Analytics are one way through massive collections of information. But do they taint the results?
“Algorithms Aren’t Biased, Coders May Be,” The Wall Street Journal, October 15, 2016 A2. Coders may include hidden or unconscious biases in the metrics they select, which affect the reliability of the “decisions” algorithms make for you.
Can you rely on a black box too much? Do you understand the devices you use and how they work? Does somebody? Can you provide oversight of a process you don’t understand?
If “information governance” is how you go about managing the receipt, creation, use, storage, transfer, transmission, and disposal of all non-public information received or created in the course of a company’s business, then by definition the term touches upon how your company handles information in a crisis.
“Wells Fargo’s Botched Crisis Management,” The Wall Street Journal, October 14, 2016 A1. Company and its senior management were excoriated for how they handled the account-shoving scandal. Sure, over the years (3) they fired 5,300 employees, but the board didn’t know how many employees were fired until the outside regulators reported it.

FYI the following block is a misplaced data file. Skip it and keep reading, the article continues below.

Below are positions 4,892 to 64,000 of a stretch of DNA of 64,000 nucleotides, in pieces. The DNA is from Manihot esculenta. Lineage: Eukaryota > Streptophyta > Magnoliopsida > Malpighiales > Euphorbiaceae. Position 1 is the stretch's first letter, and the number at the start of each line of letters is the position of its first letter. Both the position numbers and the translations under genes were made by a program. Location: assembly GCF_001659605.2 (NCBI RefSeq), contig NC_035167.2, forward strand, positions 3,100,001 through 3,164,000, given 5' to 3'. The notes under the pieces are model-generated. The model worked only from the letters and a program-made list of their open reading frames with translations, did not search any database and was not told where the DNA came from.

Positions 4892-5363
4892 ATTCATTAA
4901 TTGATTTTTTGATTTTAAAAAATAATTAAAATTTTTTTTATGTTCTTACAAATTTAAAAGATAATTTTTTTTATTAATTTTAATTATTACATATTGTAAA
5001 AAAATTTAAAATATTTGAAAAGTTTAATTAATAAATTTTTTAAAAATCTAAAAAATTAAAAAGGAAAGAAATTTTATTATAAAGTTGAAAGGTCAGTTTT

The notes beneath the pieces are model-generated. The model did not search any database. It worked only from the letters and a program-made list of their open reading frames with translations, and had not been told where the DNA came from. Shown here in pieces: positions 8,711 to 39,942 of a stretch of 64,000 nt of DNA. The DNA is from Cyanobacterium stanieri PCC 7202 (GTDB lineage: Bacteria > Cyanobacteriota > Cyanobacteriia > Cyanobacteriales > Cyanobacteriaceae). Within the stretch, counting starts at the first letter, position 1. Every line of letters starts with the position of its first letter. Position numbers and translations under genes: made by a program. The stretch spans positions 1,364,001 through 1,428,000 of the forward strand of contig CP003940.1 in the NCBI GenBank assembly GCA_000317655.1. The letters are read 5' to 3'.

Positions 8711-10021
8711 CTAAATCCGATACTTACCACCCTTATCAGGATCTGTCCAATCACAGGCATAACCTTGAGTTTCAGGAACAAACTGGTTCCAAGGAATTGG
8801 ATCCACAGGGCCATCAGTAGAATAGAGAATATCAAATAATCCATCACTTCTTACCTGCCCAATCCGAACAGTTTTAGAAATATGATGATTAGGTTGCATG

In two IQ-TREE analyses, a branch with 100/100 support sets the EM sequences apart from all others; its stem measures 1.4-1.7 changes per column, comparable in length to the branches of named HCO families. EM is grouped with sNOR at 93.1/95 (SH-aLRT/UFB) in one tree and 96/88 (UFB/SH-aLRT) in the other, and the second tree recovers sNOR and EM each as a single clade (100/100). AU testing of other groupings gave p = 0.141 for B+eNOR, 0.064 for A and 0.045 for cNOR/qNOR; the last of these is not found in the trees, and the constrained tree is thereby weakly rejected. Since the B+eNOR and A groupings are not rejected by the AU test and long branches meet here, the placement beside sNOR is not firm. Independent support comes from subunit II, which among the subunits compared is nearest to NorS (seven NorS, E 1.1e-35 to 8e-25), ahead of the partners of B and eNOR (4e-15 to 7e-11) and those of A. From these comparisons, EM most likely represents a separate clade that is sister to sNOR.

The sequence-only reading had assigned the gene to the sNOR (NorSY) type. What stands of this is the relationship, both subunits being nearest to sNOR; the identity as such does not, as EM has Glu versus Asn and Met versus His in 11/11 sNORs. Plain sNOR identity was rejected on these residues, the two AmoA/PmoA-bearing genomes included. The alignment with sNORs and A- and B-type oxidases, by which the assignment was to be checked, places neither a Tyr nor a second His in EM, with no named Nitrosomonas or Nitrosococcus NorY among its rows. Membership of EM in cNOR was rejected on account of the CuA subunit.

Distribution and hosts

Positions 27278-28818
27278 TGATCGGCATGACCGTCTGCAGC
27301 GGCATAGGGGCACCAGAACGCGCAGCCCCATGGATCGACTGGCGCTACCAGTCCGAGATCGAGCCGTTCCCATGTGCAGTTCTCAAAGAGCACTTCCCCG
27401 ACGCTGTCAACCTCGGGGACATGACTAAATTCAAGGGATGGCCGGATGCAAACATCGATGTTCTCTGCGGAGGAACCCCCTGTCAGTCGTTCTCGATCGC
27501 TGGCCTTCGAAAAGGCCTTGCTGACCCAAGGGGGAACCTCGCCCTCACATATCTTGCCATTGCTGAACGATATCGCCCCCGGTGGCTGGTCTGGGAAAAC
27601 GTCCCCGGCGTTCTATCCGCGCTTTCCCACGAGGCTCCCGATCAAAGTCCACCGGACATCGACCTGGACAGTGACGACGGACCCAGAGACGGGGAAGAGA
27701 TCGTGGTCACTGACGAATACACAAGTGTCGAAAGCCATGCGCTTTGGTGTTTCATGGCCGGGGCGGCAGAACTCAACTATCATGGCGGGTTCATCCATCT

How did senior management learn of the problem? What did they do and when did they do it? How did they manage their receipt of that information? How did they handle communications with the board, inside the bank, and the regulators? And the press? Not well, one might surmise. What impact on their brand?
I am not suggesting that the person (vel non) who “owns” information governance also “owns” crisis management, but certainly a poor crisis management response is one of the risks of poor information governance. The consequences can be huge. Did the board effectively oversee the operations?
Filed under Board, Business Case, Collect, Communicate, Communications, Corporation, Culture, Definition, Directors, Duty, Duty of Care, Employees, Governance, Inform shareholders, Information, Investor relations, Management, Oversight, Oversight, Risk, Use, Value
Tale one: The CEO of Wells Fargo quit (or was fired) following the account-shoving scandal.“Wells Chief Quits Under Attack,” The Wall Street Journal, October 13, 2016 A1. Despite the shareholder returns he oversaw, he gets sacked following illegal actions by his troops.